Follow in the footsteps of the afterlife philosophical dramas like, well, After life, writer / director Edson Oda travels to pre-life for a thoughtful exploration of what makes a life well lived. In a remote station, Will (Winston Duke) is one of many examiners who interview new souls, ultimately deciding which of them will have the opportunity of a life on Earth which he then observes and recounts. Several familiar faces appear among the contestants, including Bill Skarsgård, Tony Hale and Zazie Beetz, offering a variety of perspectives on the type of person who might be best suited to pass life’s trials. And while the relationships Will develops with his interviewees helps to illuminate his own story, there is an equally crucial subplot involving Will’s obsession with the death of one of his previous counts. Duke’s rich and taciturn performance ultimately delves into the judgment we often express towards those who seem too emotionally fragile for this world, while also celebrating the vulnerability it takes to live a good life. That climaxing moments involving a few words of wisdom from Walt Whitman seem like too bold a move for this otherwise restricted narrative might be the only thing that separates Nine days greatness. Available August 6 in theaters. (PG-13)

The suicide squad ***
The ultraviolent mark of writer / director James Gunn weirdness brought to the black comedy Super may have been part of what got him the Guardians of the Galaxy concert, but it seems even better to match what DC allowed him to do. to do with the super villain crew that crashed and burned down in 2016’s Suicide Squad. This one brings together a few familiar faces, including Harley Quinn (Margot Robbie), as well as newcomers like Bloodsport (Idris Elba), Peacemaker (John Cena) and King Shark (voiced by Sylvester Stallone) in a black-op mission for crush the secret experiences in an island nation. Efforts to bring depth to the characters’ stories seem superficial at best, putting virtually all of the weight on the action and comedic rhythms. Fortunately, The suicide squad book has it both ways, starting with the feeling that hardly anyone is guaranteed to survive, and how deaths are likely to be graphic and bizarre. Robbie’s Harley Quinn is now established enough that she steals the focus almost by default, with some of the other characters moving in the background. But it’s not often that a superhero franchise film feels fully engaged in an atmosphere that not only feeds audiences what they expect, but maintains a constant rhythm of “wait, what.” did I just see? ” Available August 6 in theaters and via HBO Max. (D)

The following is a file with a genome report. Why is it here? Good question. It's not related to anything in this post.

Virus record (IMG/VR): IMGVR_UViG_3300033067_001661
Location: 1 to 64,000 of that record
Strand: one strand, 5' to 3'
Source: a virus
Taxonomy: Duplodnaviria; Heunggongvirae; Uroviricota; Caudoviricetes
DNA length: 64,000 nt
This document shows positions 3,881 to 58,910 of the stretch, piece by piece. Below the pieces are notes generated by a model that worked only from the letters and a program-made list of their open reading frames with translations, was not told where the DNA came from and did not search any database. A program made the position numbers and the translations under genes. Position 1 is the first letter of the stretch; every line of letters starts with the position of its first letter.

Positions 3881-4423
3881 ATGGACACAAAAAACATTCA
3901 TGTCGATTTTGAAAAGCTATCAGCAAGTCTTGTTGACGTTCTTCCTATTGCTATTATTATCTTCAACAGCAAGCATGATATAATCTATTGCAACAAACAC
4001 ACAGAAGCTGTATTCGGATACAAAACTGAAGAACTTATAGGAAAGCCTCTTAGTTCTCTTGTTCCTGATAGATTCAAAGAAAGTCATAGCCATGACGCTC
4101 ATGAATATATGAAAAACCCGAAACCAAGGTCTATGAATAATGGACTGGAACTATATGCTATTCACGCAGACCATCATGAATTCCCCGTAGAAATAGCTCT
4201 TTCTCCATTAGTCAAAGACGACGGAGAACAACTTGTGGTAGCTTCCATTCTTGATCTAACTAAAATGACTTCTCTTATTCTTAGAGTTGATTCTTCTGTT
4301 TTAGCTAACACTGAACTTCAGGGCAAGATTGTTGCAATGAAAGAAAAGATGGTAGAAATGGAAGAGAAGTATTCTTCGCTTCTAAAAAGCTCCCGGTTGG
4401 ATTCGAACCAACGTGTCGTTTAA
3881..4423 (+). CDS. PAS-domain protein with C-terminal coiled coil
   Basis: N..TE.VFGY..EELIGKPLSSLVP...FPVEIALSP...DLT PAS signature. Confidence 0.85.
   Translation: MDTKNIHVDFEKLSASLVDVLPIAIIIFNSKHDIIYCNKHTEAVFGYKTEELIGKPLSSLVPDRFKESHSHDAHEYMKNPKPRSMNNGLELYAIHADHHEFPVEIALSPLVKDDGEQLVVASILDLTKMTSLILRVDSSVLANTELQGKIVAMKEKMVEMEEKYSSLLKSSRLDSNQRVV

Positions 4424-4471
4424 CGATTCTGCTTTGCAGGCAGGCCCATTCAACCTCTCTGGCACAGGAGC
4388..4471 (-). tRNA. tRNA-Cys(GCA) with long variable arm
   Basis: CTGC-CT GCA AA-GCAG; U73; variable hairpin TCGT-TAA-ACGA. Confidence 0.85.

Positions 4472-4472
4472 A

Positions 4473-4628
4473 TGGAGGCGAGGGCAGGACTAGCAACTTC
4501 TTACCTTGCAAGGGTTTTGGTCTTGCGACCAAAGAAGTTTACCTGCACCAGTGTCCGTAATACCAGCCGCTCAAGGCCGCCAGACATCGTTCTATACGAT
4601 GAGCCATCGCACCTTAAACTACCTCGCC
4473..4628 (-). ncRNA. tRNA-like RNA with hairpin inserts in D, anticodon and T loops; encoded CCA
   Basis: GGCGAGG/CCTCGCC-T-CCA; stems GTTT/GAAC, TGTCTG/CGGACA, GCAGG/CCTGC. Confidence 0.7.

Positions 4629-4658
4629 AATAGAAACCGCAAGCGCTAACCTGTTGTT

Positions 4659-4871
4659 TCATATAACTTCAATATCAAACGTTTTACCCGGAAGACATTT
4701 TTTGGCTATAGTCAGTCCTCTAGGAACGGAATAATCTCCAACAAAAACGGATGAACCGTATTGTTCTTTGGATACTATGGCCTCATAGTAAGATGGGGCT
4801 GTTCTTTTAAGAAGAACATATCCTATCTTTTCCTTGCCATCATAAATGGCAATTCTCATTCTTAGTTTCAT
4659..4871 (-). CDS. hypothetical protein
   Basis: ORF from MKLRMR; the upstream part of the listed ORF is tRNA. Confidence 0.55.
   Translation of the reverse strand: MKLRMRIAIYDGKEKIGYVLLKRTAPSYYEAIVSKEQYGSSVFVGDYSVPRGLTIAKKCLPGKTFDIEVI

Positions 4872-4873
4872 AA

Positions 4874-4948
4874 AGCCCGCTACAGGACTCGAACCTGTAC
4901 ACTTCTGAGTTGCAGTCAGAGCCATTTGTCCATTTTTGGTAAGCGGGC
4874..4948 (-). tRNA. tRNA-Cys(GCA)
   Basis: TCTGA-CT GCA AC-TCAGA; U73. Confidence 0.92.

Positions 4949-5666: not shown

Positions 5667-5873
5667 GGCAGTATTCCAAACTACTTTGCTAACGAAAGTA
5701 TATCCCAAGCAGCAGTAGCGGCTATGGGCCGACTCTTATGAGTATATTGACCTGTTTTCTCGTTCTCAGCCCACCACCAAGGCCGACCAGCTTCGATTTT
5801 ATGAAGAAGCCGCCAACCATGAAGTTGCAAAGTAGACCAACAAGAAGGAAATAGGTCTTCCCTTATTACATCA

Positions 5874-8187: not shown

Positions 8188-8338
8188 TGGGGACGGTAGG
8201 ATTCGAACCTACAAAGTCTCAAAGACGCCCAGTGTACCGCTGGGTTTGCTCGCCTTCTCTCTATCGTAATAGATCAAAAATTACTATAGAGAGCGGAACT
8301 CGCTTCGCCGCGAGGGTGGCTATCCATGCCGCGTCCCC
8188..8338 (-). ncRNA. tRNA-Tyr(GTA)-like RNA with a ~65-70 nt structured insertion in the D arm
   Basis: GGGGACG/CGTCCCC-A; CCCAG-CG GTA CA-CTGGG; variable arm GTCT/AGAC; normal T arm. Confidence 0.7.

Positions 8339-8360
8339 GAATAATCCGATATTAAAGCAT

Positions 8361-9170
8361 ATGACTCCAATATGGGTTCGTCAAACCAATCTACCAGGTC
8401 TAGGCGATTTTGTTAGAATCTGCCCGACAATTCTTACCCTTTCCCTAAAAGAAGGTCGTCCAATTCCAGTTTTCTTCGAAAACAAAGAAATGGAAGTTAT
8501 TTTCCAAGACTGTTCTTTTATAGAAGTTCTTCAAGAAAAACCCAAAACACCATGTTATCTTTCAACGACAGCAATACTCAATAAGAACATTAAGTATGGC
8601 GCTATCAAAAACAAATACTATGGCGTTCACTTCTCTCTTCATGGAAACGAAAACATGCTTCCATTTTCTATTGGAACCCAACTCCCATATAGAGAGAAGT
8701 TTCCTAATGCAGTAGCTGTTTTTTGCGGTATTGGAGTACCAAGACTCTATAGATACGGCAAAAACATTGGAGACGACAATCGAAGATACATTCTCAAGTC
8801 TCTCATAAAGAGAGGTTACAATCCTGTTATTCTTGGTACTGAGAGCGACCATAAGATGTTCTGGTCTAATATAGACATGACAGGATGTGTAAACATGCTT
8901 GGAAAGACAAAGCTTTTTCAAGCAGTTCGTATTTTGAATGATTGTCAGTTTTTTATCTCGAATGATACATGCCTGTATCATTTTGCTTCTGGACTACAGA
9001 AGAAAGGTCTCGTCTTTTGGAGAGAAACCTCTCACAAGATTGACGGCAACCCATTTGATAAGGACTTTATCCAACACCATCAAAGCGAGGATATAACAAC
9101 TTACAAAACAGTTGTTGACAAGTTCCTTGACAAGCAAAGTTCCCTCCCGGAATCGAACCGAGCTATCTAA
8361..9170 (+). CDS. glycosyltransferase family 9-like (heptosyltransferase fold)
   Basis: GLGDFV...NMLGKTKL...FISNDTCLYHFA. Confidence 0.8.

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NETFLIX

Vivo ***

While your Lin-Manuel Miranda mileage may vary, his sense of applying the satisfying conventions of musical theater to animation, which was fully visible in Moana– feels like a natural fit. His In the heights Contributor Quiara Alegría Hudes contributes to the story of a kinkajou named Vivo (voiced by Miranda) who smuggled out of the South American rainforest and finds himself in the care of Andrés (Juan de Marcos), a musician from Havana street. But when Vivo learns that Andrés has given up on the love of his life, singer Marta Sandoval (Gloria Estefan), the little critter makes it his mission to find her in Miami and let her know what Andrés was feeling. The story of the quest allows for the introduction of colorful support characters in the Florida Everglades: an Amorous Spoonbill (Brian Tyree Henry); a predatory python (Michael Rooker) and full of action rhythms. But the highlight here is the music, much of which features Miranda’s fast-paced raps and accompanying colorful sets from director Kirk DeMicco (The Croods), all in the service of a simple yet effective story to let people know you love them when you get the chance. Attempts at big emotions never really feel like they land, but it’s no small feat to create a soundtrack that you want to rehearse. Available August 6 via Netflix. (PG)

Whirlpool ***
It’s hard not to view Matt Yoka’s documentary as an almost manual profile of the toxic masculinity manifested as a result of a closed identity, even as it continues to become a mere chronicle of a unique historical moment in the cover. media. The focus is on the founders of LA News Service, a late-breaking news operation that began chasing street-level police calls in the 1980s, before taking off with helicopter footage which have become iconic for capturing events like the post-Rodney- The King’s Verdict Riots and the slow-speed pursuit of OJ Simpson. These founders are initially described as married couple Bob Tur and Marika Gerrard, but in contemporary interviews we see Bob turned transgender and is now Zoey Tur. This knowledge can’t help but inform the public reaction to much of the archival footage, in which you can often hear Bob before the transition constantly abusing Marika live, or learning that Bob had a heart attack. at 35 years old. And all of this information makes it strange just to get caught up in reminders of those bizarre national news events they captured. WhirlpoolIts two sides are individually fascinating, even if they do not always fit together perfectly. Available August 6 via ParkCityFilm.org. (NR)